Objective circumstances in Scotland and the rest of Britain are not qualitatively different. The key factor is subjective. Scottish Militant Labour - the leading force in the Scottish SA - wholeheartedly fought for a party. It threw all of its financial resources, full-timers and energies into the project. Other factions of the left were won over too. The SSP launched a fortnightly paper which, with the eventual entry of the SWP as a platform, went weekly.

The results speak for themselves. And not only in PR elections. A week before Brian Butterworth secured 1.7% of the poll for us in Brent East, Scottish Socialist Voice reported that in Glasgow’s Drumry ward the SSP’s Andy Lynch ran second to Labour. He got 18% - ahead of the SNP and the Greens ... and the SLP, which managed just seven votes.

There is no chicken and egg situation. We should not wait upon “bigger social forces”. The SA is the answer - if properly led. And talking about progressing left unity is all very well ... but how does it square with the total purge of dissenting voices in Birmingham SA by the SWP.

Comrade Rees would have none of it. He simply repeated the half-baked nonsense about Scottish PR and his faith in trade union leaders and George Galloway. John Fisher (independent) put his stress on local initiatives, while Alan Thornett (International Socialist Group) highlighted this year’s TUC and the SA’s fringe meeting. Forty-five attended, including some 35 delegates. The main speaker, Mark Serwotka, was “right down the line”. Comrade Hoveman referred to the Green Party’s decision to allow local discussions with organisations such as the SA. He also mentioned the “fraternal atmosphere” at the Wrexham summer gathering put on by Welsh assembly member John Marek. A somewhat amazing statement considering the brazen attempt to exclude the CPGB. But I let that pass. Other executive members either asked technical questions, touched upon European developments or concentrated on their own particular local circumstances.

Perhaps the complacency and poor level of debate is down to the absentees. Not only our comrade Ström, but Martin Thomas (Alliance for Workers’ Liberty) and oppositionists such as Steve Godward and Lesley Mahmood were away too.

Shelly Margetson (Cambridge) gave a financial report. Her McCawber-like approach is to religiously avoid debt and keep safely in the black. Incidentally she appears oblivious to Worker Power’s departure from the SA and therefore the end of its financial contribution.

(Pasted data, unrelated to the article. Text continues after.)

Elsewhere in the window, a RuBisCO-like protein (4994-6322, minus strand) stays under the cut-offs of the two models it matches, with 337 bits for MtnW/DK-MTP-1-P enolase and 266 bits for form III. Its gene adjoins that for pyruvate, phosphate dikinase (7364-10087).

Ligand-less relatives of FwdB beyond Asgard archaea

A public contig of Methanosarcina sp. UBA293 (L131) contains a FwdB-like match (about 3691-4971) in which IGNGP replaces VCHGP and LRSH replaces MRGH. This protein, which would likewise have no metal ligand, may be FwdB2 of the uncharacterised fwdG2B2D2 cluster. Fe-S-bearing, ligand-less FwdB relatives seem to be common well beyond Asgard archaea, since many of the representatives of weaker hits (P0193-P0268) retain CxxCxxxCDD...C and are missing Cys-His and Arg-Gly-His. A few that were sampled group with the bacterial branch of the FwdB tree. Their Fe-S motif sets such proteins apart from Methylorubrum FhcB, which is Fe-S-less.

She also banked on the CPGB continuing to pay twice as much as the AWL, International Socialist Group, etc for the rest of the year. We are putting a stop to this. Hence suddenly controversy broke out. Comrade McMahon asked me when he could expect the cheque covering the CPGB’s monthly contributions to SA funds. I said that he should not rely on it and that the CPGB will be writing to the executive to the effect that we wish to renegotiate the arrangement. Comrade Wrack said this threw the SA’s plans into crisis, including the SA’s intervention at the September 27 demonstration against the occupation of Iraq.

The meeting adjourned for a break and myself and comrades Wrack, McMahon and Margetson got together to talk. Comrade McMahon was particularly angry: “Why did you not inform the SA earlier?” I did not know it at the time, but apparently we did. Mark Fischer, our national organiser, left an answerphone message saying that our cheque had been cancelled.

Anyway I explained that the CPGB was deeply worried by recent negative developments in the SA. The CPGB had originally proposed that all of the principal supporting organisation pay equal contributions to cover the rent of an SA national office. Everyone agreed. Last year we paid in full. No other organisation did. The SWP merely discounted debt owed to its printshop, East End Offset - good business practice.

More than that, at the last AGM in March the SWP carried out a coup d’etat. The SWP increased its representation from three to 13 seats on the executive, while its docile allies around Socialist Resistance were rewarded with some half a dozen places. The political balance within the SA’s leadership was thereby radically shifted. The SWP also sought to kick out the AWL’s Martin Thomas. He was kept on the executive, but only after we threatened to withdraw from the SWP’s slate.

Shortly after that the SWP replaced comrade Godward as vice-chair and attempted to likewise remove comrade Ström from the purely technical post of nominations officer. This violation of the SA’s founding principle of inclusivity was a prelude to the infamous purge in Birmingham and the physical attack on our members at Marxism 2003 - apparently set up by SWP national organiser Chris Bambery. Naturally we wrote to the SWP central committee in protest over this particular incident. No reply has been forthcoming. Not even an informal apology.

An example of the state of affairs in the SA can be gleaned from when comrade Rees put his oar in. In the Brent East campaign, he said, the CPGB did nothing (untrue). In Hackney CPGB members only sell the Weekly Worker. Not Paul Foot’s local propaganda sheet. I did not directly respond. But I did mention Waltham Forest. The candidate, Lee Rock, got 3.5% of the vote - nothing to boast about, but neither a disgrace, considering Brent East. He is a CPGB member and CPGB members did most of the canvassing and most of the leafleting. Comrade Rees shut up.